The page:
At this point, you may have some questions, like, "what do you mean by remaining townspeople?" and "how could they work on a panagram if there are letters banned from use?" Well...all those questions and more would be answered if you read the book! And I definitely recommend it if you have an interest in words, word play, word puzzles, or anything related to that. Even if you don't, it's a great book, adeptly written, and entertaining.

Friday, July 22, 2011

The Night Bookmobile by Audrey Niffenegger (CBR Book #20)

How would you react if you visited a library that consisted only of books, magazines, and anything else that you've ever read or written? Maybe you see the Little Golden Book you treasured as a child, or you glimpse your favorite mystery novel. Even a textbook for your college biology course finds its way to the shelves...and then you spot your diary!

This is what happens to Alexandra one night, when she goes for a walk. She sees an old Winnebago on the street playing her favorite music. Going against her better judgement, she enters to find a library that is definitely special, but when she finds her diary, it becomes magical as well. The library, whose hours are from dusk until down closes before she's ready to leave it. After her visit, she obsesses about the Night Bookmobile and goes for long walks at night to find it again.

Eventually, Alexandra runs into the Night Bookmobile at different times in her life. Each time, she notices it has new shelves filled with the material she has read since her previous visit. Her obsession with the Night Bookmobile grows and grows and she even goes to school and becomes a librarian, hoping that someday, she can be a librarian for the Book Mobile. Eventually, Alexandra thinks she understands what she must do to fulfill her life's dream, but is the price she has to pay worth it?

This book was a serialized graphic novel that appeared in the London Guardian. You may recognize the author for her books like the Time Traveler's Wife and Her Fearful Symmetry. I checked out her website that also has some of her paintings and drawings on it. They have the same dark, eerie quality that her short graphic novel has. You can click here, if you're interested in seeing some of her work.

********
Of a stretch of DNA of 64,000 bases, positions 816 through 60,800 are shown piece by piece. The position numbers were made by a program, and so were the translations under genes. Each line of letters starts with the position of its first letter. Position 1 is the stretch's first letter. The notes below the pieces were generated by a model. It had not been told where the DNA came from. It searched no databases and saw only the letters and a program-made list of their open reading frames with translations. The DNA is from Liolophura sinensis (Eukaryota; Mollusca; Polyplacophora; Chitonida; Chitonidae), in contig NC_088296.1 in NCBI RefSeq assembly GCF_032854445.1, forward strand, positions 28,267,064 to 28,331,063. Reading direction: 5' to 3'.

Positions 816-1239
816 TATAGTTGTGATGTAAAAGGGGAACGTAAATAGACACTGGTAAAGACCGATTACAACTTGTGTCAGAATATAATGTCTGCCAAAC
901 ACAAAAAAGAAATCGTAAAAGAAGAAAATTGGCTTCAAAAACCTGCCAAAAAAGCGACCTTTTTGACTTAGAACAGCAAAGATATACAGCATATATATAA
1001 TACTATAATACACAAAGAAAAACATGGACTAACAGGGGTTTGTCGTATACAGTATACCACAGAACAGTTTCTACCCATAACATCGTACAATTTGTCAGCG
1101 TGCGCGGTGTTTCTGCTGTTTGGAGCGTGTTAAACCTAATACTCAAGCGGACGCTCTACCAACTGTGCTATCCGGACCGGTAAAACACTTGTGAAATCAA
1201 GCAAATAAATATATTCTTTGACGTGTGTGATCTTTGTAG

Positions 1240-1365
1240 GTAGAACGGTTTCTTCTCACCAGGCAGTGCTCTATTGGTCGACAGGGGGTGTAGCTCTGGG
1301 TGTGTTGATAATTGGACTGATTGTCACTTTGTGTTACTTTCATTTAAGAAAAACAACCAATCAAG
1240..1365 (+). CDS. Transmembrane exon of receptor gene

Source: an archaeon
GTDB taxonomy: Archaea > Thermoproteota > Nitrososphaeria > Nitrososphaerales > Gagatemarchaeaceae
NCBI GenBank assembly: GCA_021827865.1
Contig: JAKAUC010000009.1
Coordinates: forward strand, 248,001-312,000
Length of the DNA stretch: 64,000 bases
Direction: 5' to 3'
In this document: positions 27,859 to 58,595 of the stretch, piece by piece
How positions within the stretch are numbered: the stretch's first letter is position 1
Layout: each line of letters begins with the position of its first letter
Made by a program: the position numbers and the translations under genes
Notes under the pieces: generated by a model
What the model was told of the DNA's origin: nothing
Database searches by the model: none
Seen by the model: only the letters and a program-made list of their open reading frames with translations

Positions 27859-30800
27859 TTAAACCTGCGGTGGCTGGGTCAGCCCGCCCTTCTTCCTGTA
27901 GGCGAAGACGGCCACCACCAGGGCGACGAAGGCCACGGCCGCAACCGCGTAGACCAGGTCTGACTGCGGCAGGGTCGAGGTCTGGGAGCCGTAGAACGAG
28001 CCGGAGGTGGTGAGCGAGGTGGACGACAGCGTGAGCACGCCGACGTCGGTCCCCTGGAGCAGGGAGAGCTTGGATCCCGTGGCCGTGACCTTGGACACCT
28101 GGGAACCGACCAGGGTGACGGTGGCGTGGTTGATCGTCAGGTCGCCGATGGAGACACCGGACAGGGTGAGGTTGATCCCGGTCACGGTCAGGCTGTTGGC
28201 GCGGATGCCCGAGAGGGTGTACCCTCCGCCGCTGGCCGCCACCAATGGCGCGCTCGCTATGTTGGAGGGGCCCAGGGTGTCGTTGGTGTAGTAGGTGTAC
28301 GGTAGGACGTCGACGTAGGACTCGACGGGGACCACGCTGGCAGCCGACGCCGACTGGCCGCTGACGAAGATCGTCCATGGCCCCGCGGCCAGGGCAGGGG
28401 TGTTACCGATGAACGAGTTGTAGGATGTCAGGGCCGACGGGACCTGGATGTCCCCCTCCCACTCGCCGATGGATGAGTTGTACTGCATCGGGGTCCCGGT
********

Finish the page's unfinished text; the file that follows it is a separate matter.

So my opinion on The Night Bookmobile? It literally took me just a few minutes to read and was an interesting story. I'm not sure I'd tell someone to run to the library to get it, but I can imagine if it were slowly told in a newspaper, how people would be into the story. I'm not a fan of Niffeneggar's drawings, they're not really my style, so that kind of distracted from the story. But the story itself is great. It's a cautionary tale of how someone can love something so much, it becomes an obsession and takes over her entire life. I guess if you're a Niffeneggar fan, check it out. Otherwise, don't obsess about it.

Saturday, July 9, 2011

Never Let Me Go by Kazuo Ishiguro (CBR Book #19)

Never Let Me Go is about life, death, love, acceptance of one's circumstances, and all of those emotional aspects of the world around us. There are a million different ways to tell a story about these things, right?

The problem I had with Never Let Me Go, is that Ishiguro uses a sci-fi premise to tell his story. In fact, it's a great premise. But, and here's the downfall, this is NOT a sci-fi book. If it were, Ishiguro would do more explaining of the mechanics of his premise - how things came to be, how they work, and what exactly happens. But he's not really concerned with that. And that's where I'm left frustrated.